WASHINGTON -- The only thing that stands in the way of the Washington Wizards making their return to the playoffs official after a six-year absence is the Boston Celtics.
Tonight's game is just the latest in which a team can punch its ticket to the postseason at the Celtics' expense. We saw Toronto do it, followed by Chicago.
But as much as the Celtics players want to win, at this point every loss is in itself a small victory of sorts for Boston (23-51).
Having been officially eliminated from the playoffs, the best thing for the Celtics is to inch as close to the top of June's NBA draft as they can. And that means padding a few more losses on to a record that's already among the worst in the NBA.
But this is a prideful group of players that includes veterans such as Brandon Bass and Rajon Rondo, who've shown no signs of throwing in the towel.
And in the case of Bass, one could make a strong case that he's actually a better player now than he was a year ago this time.
"You can point to each guy and say there's one or two things they're a lot better at," said Celtics coach Brad Stevens. "The key is . . . being great in what you do well, first and foremost. Your strengths have to stand out. Your strengths have to be perfected. I look across the league at some of these really good teams and great players. You give a guy an 18-footer and he makes it every time. You give a guy an open 3 and he makes it every single time. That's where a good shooter becomes great."
The Celtics players aren't there yet, but there's no mistaking the progress that has been made this season . . . even if their record doesn't reflect such improvement.
And so they continue to plug along, being the final hurdle for some teams to cross in order to get to that next level of competition - the playoffs.
To the Celtics' credit, they haven't just shown up to play the role of patsy. They actually compete and do enough things to make the games interesting, but not enough to win.
Stevens will be the first to tell you he's had more than his fill of hard-fought losses this season and the silver lining that such games represent.
"We're not in the business of hanging in," he said. "We can't be in the business of hanging in. We have to get over the hump and do a better job with that. It's a 48 minute proposition for us."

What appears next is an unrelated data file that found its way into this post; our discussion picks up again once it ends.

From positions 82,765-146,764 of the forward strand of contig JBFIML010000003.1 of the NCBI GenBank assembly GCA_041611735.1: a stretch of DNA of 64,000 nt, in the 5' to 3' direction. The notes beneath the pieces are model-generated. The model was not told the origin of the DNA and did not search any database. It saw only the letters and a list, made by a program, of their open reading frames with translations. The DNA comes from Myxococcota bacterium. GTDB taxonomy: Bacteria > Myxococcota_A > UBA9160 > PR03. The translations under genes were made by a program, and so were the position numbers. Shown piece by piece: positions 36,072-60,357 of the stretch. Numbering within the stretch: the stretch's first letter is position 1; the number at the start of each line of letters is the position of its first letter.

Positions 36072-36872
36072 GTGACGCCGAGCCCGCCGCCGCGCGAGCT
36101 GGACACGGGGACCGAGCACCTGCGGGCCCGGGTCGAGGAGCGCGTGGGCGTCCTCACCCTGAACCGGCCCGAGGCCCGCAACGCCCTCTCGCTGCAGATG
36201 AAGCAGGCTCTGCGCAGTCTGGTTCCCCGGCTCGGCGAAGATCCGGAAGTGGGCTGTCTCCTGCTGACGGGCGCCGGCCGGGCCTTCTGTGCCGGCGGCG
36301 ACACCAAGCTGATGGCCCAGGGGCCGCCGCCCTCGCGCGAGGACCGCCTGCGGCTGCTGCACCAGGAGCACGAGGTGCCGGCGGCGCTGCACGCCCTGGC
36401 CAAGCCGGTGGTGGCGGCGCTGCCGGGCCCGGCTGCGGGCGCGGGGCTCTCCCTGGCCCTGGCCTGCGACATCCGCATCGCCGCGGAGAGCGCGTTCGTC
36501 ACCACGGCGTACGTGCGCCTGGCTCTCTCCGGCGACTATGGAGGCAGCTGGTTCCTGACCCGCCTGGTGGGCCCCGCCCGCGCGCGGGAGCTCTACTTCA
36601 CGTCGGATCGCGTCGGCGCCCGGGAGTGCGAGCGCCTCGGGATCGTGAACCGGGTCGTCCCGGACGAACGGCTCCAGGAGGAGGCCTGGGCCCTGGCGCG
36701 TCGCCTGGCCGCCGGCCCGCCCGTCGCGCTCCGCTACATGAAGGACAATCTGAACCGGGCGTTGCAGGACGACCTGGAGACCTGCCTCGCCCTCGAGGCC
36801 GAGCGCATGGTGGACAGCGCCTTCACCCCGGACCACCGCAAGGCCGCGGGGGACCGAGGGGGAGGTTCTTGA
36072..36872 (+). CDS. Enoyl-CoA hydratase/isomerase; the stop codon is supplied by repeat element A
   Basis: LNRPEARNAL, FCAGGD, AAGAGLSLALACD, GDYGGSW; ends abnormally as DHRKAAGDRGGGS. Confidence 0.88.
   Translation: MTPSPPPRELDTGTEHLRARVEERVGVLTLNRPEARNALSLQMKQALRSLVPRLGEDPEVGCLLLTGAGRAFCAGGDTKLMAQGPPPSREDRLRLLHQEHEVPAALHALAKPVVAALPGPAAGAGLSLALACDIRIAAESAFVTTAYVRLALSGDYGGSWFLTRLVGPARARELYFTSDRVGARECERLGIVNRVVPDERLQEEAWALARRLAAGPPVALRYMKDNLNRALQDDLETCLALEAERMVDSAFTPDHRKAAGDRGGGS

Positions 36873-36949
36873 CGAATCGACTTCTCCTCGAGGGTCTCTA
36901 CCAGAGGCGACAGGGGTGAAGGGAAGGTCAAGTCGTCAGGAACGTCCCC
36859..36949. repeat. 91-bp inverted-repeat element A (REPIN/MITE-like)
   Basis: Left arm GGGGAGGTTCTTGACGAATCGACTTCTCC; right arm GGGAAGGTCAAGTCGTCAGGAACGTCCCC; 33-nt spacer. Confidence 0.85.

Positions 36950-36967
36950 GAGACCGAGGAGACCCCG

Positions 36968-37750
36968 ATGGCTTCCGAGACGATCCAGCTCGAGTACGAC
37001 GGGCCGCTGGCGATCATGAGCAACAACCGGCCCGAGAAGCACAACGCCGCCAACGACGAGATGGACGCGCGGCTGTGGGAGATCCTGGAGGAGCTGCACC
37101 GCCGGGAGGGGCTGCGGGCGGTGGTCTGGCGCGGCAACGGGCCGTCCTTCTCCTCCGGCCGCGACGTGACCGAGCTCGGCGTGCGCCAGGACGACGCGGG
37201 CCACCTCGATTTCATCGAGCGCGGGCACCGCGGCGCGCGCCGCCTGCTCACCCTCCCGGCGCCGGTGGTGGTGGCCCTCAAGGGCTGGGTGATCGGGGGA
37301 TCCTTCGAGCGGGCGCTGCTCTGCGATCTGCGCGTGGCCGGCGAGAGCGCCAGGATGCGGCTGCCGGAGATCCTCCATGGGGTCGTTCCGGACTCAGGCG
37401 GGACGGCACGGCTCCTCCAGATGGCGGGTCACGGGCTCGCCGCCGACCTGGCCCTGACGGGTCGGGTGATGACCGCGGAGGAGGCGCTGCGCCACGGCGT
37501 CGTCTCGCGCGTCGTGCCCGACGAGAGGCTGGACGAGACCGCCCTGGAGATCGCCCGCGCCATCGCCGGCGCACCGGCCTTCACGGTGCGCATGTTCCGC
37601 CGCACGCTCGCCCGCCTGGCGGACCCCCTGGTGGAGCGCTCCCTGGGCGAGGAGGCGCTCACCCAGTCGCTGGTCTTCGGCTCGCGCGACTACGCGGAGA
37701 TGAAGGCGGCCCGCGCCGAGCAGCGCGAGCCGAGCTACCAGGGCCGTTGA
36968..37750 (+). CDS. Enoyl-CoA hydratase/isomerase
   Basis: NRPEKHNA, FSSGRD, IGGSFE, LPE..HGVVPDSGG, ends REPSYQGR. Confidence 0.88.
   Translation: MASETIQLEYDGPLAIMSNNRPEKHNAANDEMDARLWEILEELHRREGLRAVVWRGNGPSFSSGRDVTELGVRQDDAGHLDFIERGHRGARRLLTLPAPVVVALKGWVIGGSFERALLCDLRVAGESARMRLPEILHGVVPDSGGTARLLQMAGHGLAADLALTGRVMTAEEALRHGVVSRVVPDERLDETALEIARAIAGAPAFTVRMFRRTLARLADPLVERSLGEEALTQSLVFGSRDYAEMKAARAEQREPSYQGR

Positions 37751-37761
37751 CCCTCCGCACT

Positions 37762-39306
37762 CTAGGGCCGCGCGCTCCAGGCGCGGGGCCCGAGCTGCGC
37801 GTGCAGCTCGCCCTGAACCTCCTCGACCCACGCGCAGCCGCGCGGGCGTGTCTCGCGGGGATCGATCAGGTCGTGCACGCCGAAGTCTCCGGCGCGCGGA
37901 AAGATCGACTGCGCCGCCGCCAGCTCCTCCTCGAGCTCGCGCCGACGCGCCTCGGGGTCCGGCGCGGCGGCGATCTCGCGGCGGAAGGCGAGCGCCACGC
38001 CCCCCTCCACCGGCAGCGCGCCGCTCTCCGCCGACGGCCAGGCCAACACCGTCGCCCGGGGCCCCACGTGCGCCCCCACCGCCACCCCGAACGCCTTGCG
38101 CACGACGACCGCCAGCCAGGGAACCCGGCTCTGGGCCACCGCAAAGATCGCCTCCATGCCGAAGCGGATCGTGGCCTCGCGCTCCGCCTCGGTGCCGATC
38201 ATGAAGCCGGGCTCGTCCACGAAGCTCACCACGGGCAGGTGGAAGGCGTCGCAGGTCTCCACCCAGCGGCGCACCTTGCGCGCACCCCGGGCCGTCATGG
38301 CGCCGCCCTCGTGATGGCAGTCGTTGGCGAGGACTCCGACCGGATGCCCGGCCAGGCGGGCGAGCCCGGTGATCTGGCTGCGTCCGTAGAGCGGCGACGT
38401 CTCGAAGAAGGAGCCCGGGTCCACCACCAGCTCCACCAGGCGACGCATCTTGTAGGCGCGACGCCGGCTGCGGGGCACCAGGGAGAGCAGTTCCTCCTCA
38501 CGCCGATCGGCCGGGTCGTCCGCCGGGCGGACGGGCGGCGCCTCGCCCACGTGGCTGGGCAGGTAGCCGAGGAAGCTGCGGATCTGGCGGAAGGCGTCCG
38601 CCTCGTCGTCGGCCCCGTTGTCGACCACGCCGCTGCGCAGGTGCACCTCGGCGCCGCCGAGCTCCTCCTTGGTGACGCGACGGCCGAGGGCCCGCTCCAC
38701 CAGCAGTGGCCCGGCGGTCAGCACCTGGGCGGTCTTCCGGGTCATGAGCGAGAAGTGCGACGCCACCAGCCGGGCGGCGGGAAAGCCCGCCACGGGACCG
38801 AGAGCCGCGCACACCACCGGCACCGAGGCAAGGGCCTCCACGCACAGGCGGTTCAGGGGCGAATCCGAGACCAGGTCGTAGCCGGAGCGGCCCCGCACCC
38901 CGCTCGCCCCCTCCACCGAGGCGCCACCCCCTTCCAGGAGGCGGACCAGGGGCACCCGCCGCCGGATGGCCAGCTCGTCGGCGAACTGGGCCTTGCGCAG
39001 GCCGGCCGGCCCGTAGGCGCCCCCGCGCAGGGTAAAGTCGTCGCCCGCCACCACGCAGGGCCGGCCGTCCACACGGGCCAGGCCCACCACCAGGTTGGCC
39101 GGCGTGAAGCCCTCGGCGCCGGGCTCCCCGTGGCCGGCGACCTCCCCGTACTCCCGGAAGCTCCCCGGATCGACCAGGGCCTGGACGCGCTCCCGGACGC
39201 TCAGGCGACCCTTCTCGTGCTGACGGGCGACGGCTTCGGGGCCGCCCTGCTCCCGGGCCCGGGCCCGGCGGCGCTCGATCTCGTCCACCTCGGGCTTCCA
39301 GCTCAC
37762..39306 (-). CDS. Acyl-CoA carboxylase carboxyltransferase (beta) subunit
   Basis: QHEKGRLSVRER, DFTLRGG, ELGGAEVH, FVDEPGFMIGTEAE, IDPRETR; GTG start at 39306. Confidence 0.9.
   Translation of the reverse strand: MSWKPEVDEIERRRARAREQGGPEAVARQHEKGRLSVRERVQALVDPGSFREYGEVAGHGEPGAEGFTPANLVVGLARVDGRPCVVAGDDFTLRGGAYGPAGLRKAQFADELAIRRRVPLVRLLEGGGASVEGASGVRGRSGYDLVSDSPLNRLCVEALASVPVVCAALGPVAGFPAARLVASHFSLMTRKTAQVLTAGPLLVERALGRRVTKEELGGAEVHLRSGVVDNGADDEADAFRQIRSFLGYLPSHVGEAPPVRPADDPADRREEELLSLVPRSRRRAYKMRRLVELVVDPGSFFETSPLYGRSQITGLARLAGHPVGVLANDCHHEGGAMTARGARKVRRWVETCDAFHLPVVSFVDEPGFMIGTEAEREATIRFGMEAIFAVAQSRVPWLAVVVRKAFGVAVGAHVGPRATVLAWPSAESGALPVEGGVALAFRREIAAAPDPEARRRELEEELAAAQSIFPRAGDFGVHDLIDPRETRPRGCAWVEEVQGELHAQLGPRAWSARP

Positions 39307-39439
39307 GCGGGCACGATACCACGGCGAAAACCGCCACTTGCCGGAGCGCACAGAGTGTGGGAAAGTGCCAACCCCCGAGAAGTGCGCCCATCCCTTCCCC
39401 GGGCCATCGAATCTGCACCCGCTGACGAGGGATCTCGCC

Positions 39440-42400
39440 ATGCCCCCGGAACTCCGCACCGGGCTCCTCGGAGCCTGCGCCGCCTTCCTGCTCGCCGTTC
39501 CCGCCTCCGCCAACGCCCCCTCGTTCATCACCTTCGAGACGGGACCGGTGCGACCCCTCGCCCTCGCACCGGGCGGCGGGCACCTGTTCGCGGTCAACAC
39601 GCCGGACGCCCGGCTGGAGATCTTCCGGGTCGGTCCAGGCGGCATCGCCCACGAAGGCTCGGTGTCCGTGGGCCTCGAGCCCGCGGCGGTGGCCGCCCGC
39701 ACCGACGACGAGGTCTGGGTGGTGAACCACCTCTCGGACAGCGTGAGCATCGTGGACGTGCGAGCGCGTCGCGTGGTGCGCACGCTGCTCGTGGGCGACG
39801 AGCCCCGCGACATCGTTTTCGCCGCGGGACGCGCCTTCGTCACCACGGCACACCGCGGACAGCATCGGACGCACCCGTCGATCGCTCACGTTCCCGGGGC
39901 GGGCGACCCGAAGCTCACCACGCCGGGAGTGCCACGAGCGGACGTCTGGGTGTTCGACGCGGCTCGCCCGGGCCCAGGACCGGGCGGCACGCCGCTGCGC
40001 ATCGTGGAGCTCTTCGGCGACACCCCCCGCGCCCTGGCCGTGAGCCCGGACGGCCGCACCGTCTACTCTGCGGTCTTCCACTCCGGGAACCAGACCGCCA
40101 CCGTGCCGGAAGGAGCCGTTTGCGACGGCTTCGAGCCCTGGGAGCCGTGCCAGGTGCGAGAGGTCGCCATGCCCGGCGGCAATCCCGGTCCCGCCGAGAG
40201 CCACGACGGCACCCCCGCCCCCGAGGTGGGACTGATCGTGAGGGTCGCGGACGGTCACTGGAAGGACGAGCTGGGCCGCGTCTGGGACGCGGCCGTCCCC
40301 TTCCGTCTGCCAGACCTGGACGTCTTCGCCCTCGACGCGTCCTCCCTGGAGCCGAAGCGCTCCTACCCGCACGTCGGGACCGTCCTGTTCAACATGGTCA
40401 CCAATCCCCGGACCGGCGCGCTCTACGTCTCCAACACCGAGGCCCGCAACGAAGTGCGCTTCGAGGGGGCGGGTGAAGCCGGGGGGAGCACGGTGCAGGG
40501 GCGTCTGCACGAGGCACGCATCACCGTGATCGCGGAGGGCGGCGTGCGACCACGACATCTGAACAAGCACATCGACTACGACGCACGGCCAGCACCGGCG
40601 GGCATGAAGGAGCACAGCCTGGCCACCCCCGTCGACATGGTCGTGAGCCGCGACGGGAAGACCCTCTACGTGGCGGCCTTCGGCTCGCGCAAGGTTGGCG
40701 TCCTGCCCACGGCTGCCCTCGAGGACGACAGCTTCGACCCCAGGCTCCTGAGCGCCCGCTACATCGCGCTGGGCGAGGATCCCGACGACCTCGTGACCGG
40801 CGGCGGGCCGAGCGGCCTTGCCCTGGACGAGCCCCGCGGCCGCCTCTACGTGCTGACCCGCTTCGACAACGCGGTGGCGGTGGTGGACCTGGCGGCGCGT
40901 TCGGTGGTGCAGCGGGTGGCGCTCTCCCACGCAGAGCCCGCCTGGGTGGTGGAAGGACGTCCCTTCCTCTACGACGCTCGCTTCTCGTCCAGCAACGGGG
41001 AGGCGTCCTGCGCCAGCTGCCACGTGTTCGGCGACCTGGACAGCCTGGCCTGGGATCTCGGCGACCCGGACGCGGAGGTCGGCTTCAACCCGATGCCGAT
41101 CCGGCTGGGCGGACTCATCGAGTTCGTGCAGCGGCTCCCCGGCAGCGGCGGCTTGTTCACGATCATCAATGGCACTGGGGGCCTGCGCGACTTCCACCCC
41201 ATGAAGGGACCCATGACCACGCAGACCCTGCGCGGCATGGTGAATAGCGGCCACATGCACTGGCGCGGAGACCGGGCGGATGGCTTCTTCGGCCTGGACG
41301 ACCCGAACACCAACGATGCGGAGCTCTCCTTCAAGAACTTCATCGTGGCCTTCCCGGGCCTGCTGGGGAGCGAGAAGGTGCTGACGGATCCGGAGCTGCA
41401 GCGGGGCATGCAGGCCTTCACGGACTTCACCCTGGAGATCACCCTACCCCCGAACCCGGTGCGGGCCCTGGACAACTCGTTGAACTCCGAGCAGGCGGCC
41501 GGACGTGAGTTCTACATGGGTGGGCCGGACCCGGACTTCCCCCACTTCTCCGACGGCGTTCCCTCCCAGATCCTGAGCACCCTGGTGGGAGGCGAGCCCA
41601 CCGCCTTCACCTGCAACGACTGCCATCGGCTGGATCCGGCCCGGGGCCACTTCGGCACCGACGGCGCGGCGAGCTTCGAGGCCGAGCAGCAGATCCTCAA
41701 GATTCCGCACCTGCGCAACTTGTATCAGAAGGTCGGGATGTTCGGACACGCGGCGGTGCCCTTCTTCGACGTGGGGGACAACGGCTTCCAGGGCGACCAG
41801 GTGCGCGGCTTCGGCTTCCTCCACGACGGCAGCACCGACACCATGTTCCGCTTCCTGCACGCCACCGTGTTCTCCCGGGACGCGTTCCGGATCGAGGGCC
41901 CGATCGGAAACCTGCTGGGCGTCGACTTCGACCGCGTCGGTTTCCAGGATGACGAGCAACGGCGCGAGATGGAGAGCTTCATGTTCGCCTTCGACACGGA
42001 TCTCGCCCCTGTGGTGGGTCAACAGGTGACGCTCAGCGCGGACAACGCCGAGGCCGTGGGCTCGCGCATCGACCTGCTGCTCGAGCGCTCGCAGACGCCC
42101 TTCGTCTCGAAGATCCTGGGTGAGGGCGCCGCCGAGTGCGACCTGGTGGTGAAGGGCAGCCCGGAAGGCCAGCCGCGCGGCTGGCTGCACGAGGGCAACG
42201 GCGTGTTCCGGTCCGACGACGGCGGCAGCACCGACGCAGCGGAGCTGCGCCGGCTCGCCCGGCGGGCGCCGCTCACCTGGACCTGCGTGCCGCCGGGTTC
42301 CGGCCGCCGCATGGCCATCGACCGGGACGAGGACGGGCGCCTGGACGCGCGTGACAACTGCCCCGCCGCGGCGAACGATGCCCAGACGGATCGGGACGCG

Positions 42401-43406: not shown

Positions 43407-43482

Here are more keys to tonight's game:
WHAT TO LOOK FOR: The Wizards have been one of the more difficult teams to match up against because they have so many scoring options among players who've shown a willingness to share the ball . . . a lot. Washington averages 23.1 assists per game, which ranks seventh in the NBA. It has also allowed them to have a roster that includes seven different players who average at least 10 points per game.
MATCHUP TO WATCH: Rajon Rondo vs. John Wall
The point-guard battles keep getting tougher and tougher for Rondo. Wall has had a breakout season, not only individually but also in terms of becoming this team's leader. As Rondo looks to re-establish himself as an elite-level point guard, Wall represents one of the up-and-coming stars of the NBA who's cramming his way into a very crowded perch as one of the league's premier point guards.
PLAYER TO WATCH: Jeff Green
Having played on the same Verizon Center floor with Georgetown, there is indeed a comfort level here for Green that doesn't exist anywhere else. The last time he was in town, he lit up the Wizards p for a game-high 39 points as Boston escaped with a 113-111 overtime win in January.
STAT TO TRACK: More than 24 percent of the Wizards' offense comes from the 3-point shot. When you shoot it the way they do, that makes sense. Washington has connected on 38.7 percent of its 3s this season, which is tops among teams in the East and trails only the red-hot San Antonio Spurs (40.2 percent) overall.